Toward the beginning, Quinn explains that, because of the amount of time his book covers, “this volume often states what the equivalent of US dollars in the nineteenth century would be in terms of purchasing power in 2010.”[fn3] And boy-howdy does it. At the beginning of the first chapter, he tells us that the $3,000 Martin Harris used to secure the printing of the book of Mormon was the equivalent of more than $72,000 in 2010.[fn4] Basically every time a dollar amount comes up, he gives a 2010 equivalent amount, and almost every time, he drops a note to the website

Basically, the website provides a CPI calculator: stick in a dollar amount, a starting year, and a destination year, and it will tell you what the dollar was worth. It uses a modified version of the consumer price index (CPI).[fn5] So why didn’t Quinn cite to the Bureau of Labor Statistics CPI calculator? My guess is because official CPI only goes back to 1913; others have extended it prior to then, using their own data and assumptions.

And there’s nothing wrong with using CPI in some cases; it gives a nice rule-of-thumb comparable. But CPI is complicated. In fact, there are different CPIs that apply to different regions, to urban, and to rural areas. And CPI is a measure of consumer expenditures (including food, housing, and transportation)—the institutional church’s expenses would be different from an individual consumer’s. Which makes this problematic:

But when Woodruff died, the church had $2,168,012.20 of total indebtedness. Thus, Snow’s 1899 discovery (calculated by Clawson) was that the difference of $2,068,961.46 came from business losses. By comparison, this would be more than $56 million in 2010 dollars.[fn5]

The problem is, using a basket of goods that households consume to calculate the current value of institutional debt isn’t necessarily accurate. And you don’t have to understand a lot about CPI to know that—even on the results page of the calculator warns that the $56 million amount isn’t necessarily right. Here’s what you see:

Notice that the CPI calculator suggests numbers ranging from $47 million to almost $1.6 billion. But none of those calculations of contemporary worth are entirely consonant with a church’s non-consumer debt. Still, that wide range should have made Quinn think twice about whether CPI was the right way to go.

Moreover, even if CPI were the right way to figure out the current dollar value of the 1899 debt, I’m not sure why the current value of the debt matters. It would have been more valuable to put the debt into some kind of context. A $2 million debt would be mostly irrelevant if the church had assets worth $100 million. On the other hand, it would be potentially devastating if the church had assets worth $2.5 million. But the book is content to give us a CPI-adjusted number, and not dig into the value of that number.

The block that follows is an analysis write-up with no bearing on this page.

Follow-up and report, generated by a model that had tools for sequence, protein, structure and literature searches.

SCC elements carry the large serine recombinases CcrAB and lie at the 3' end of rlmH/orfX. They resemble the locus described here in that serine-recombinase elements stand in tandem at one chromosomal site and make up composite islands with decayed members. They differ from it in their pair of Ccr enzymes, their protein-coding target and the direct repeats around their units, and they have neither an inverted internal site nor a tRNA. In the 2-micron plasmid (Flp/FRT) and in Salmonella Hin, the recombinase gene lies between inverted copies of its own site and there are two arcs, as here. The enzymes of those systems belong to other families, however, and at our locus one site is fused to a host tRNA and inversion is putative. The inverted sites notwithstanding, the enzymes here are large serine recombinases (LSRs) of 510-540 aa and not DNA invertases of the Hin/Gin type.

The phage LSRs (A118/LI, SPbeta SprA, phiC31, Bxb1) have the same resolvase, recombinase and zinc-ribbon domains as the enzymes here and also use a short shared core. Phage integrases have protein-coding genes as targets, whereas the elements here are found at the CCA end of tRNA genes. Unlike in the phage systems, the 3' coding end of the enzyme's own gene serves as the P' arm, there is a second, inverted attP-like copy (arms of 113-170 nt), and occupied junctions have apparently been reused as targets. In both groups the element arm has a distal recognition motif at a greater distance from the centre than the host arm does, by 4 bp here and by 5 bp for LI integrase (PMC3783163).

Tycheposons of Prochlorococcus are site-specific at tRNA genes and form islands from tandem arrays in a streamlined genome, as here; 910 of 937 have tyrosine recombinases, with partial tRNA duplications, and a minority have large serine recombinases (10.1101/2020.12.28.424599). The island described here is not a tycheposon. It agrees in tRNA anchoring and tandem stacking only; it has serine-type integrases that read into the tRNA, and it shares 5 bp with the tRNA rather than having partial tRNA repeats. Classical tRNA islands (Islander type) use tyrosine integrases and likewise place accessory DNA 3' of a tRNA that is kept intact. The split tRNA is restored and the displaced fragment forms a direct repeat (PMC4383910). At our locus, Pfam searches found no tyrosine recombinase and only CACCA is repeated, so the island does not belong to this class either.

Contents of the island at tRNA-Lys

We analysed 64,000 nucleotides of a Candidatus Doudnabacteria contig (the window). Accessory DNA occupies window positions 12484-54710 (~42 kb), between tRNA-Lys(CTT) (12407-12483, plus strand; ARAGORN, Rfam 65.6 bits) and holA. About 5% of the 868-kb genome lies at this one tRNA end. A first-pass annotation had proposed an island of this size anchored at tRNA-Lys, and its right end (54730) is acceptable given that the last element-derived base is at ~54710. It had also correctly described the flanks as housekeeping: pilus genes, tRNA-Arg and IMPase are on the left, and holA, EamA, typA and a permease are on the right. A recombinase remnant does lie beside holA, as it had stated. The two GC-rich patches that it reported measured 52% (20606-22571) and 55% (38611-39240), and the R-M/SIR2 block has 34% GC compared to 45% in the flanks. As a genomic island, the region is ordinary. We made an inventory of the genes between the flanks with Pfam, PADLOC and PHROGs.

And maybe Quinn had reasons for using CPI. But he never explained those reason; he never offered a theoretical defense of using CPI consistently throughout the book. As such, I’m skeptical that he had any compelling reason, other than convenience. And the practical reason he offers is, well, not so compelling:

For example, even trained historians might currently think that an annual income of $10,000 was modest for the year 1899, when it was actually equivalent to $271,000 in 2010. Rather than my own estimate of comparative worth, the financial equivalents are derived from the Consumer Price Index on the internet.[fn6]

Honestly, I’d be shocked if any historian thought $10,000 in 1899 was a modest annual income. But this explanation suggests that Quinn’s lack of financial sophistication, and the siren call of easy internet calculators, led him to believe that giving the modern value of old dollar amounts was both necessary and sufficient. And I feel like the seduction of the CPI calculator kept him from carefully evaluating the relevance and importance of dollar amounts, replacing them with a facile comparison.

Tithing Revenue

Quinn calculates that in 2010, the church collected about $33.7 billion in tithing revenue.[fn7] Given that the church is notoriously opaque when it comes to finances, how did he arrive at that number?

Well, he has data from 1950-1960. During that decade, tithing was growing at a “mean average” [sic] of 12.9 percent annually.[fn8] So he estimated that tithing revenues continued to grow at a 12.9 percent rate year after year.

The problems with that approach are legion. First, it’s hard to point at the 1950s as a good baseline year. The post-WWII years were an economic boom time in the US, with huge GDP growth and enormous economic expansion. Then we had recession and stagflation in the 1970s, we had a recession in the 1990s, and the 2000s have hit us with a couple recessions, too. So a consistent growth of 12.9 percent, based on a golden decade, strikes me as unlikely.

Also, the growth center of the church shifted. In 1960, 90 percent of church members lived in the (relatively affluent) United States. Another 4-5 percent lived in Europe. At the same time, only 2 percent of church members lived in South or Central America.

By way of contrast, today, of the 15.9 million church members worldwide, only about 42 percent live in the United States. Nine percent live in Mexico, 25 percent in South America, and 3 percent in Africa. Church growth since 1960 has been disproportionately strong in developing economies, so I suspect that, even if the 1950s hadn’t been a poor baseline economically, it would still be a bad population demographic baseline.